Saturday, September 5, 2015

The Happiest Song Plays Last—Oregon Shakespeare Festival—Ashland, OR


The Happiest Song Plays Last—Oregon Shakespeare Festival—Ashland, OR

A Journey of the Soul

This topical drama is written by Quiara Alegría Hudes and directed by Shishir Kurup.  It is playing at the Thomas Theatre at OSF in downtown Ashland through November 1st.  For more information, go to their site at www.osfashland.org or call 800-219-8161.

Many cultures.  One world.  How to survive?  Does the conquering of one nation need to be the death knell for those people’s culture?  If history is any teacher, it looks like the answer is, Yes.  But does it need to be that way?  Can we not co-exist?  When all is said and done, are we not essentially made of the same Clay?  And, if so, shouldn’t we be taking care of each other, instead of destroying one another?  “Are we not (as the author suggests) our brothers’ keepers?”

This is, on the surface, two stories with multiple layers.  On one hand we have Yaz (Nancy Rodriguez), a “Mother Earth” figure who, from her home in North Philly, is trying to save the world one neighborhood at a time.  In her melting pot of cultures we see a microcosm of society.  She befriends a local Puerto Rican musician/revolutionary, Agustin (Armando Durán), who she feels is a tortured soul.  She also is “mother” to an Afro-American street person, Lefty (Bruce A. Young), who may not be “right in the head” but does have the sense to feel he needs to “re-direct” traffic at the site where a child had been hit by an auto.

This is countered by her cousin, Elliot (Daniel Duque–Estrada), who is a film actor in the Middle East, learning, under that false image of film, what he thinks those people are going through.  But, as his association with this country grows stronger, he befriends one of the crew people, Ali (Barzin Akhavan), who actually lives in that environment, and an actress, Shar (Tala Ashe), who he becomes close with.  It is a painful learning and growing experience that fact and fiction have little in common in this case, both for Elliot, in a world not imagined, and for Yaz, in a world too familiar.  It will be a journey in which both of their perceptions will collide with reality which, although the past may not be able to be changed, a future with a new understanding may be possible.  In short, it just may be a new beginning…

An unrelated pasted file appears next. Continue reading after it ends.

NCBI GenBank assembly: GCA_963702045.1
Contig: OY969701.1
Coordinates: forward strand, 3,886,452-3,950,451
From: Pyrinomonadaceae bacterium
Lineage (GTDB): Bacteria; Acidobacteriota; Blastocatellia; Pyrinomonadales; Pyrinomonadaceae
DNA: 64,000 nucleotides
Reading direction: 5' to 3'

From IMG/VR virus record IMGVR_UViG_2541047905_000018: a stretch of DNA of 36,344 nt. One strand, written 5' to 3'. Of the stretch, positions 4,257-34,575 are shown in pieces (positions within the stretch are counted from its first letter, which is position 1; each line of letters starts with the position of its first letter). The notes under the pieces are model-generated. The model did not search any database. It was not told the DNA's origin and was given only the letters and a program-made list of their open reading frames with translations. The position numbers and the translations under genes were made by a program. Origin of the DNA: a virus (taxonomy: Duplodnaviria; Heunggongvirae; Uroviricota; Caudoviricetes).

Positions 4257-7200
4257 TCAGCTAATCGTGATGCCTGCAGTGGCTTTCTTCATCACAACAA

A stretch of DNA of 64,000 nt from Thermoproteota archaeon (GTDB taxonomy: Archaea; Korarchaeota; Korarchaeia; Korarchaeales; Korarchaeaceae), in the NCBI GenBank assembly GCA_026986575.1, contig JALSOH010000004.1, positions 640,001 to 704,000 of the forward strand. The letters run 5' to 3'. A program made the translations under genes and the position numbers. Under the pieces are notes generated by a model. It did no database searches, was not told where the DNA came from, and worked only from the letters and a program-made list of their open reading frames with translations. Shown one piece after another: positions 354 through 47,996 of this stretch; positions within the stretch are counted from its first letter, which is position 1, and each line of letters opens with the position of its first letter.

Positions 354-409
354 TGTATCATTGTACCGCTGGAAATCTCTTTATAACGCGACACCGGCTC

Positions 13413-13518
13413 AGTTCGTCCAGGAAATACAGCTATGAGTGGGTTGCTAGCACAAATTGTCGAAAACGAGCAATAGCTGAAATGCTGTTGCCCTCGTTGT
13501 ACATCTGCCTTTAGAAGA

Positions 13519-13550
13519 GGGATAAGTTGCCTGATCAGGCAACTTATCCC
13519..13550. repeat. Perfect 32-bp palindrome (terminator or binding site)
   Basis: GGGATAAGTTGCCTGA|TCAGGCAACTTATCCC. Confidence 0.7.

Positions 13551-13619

Especially impressive is the set by scenic designer, Sibyl Wickerscheimer.  In a small space she has managed to fashion two completely different worlds and made them both believable with only a few essentials.  It is really a creative and remarkable job.  Kurup has also managed to carve out an existence in both these environments, with his actors, that is both convincing visually and internally.

The cast are also totally immersed in this setting.  It is punctuated by some fine singing of Puerto Rican songs by Durán and musician, Joe Cruz.  It should be noted, too, that this is a repertory company and all these actors play a variety of roles in different plays over a few months and are totally unrecognizable from one role to another as the same actor.  This is the ultimate challenge for an actor and a real treat for an audience to see this versatility.  I applaud OSF for allowing such worthy artists to grace their stages and to the artists themselves for their creative work.

I recommend this show.  If you do choose to see it, please tell them Dennis sent you.

The Ashland Experience (part II)
As you may by now know, my favorite eating and imbibing establishment in Ashland is The Black Sheep Pub & Restaurant.  It has authentic food from the British Isles and, since OSF was named for an English Bard, this is (as far as I know) the only pub in town that honors the food & drink of his homeland.  It also stays open after the plays are over, for a nightcap and a quick snack or dessert, which many like-places do not.  I had their special, which was a chicken breast with berry sauce and rice pilaf and veggies—very good.  Another added attraction, which I was not aware of, is that they have a young lady that makes home-made desserts.  This time is was a Strawberry-Rhubarb pie and it was amazing.  I also learned from Greg, the always accommodating and friendly bartender, that she is leaving this place.  I, for one, hope that she will, at least, continue her fine culinary magic with desserts here.  For more information, go to their site at www.theblacksheep.com or call 541-482-6414.  The address is 51 N. Main St. on the Plaza, upstairs.  Look for the red door.  As always, both here and any place I recommend, if you do go, please tell them Dennis sent you.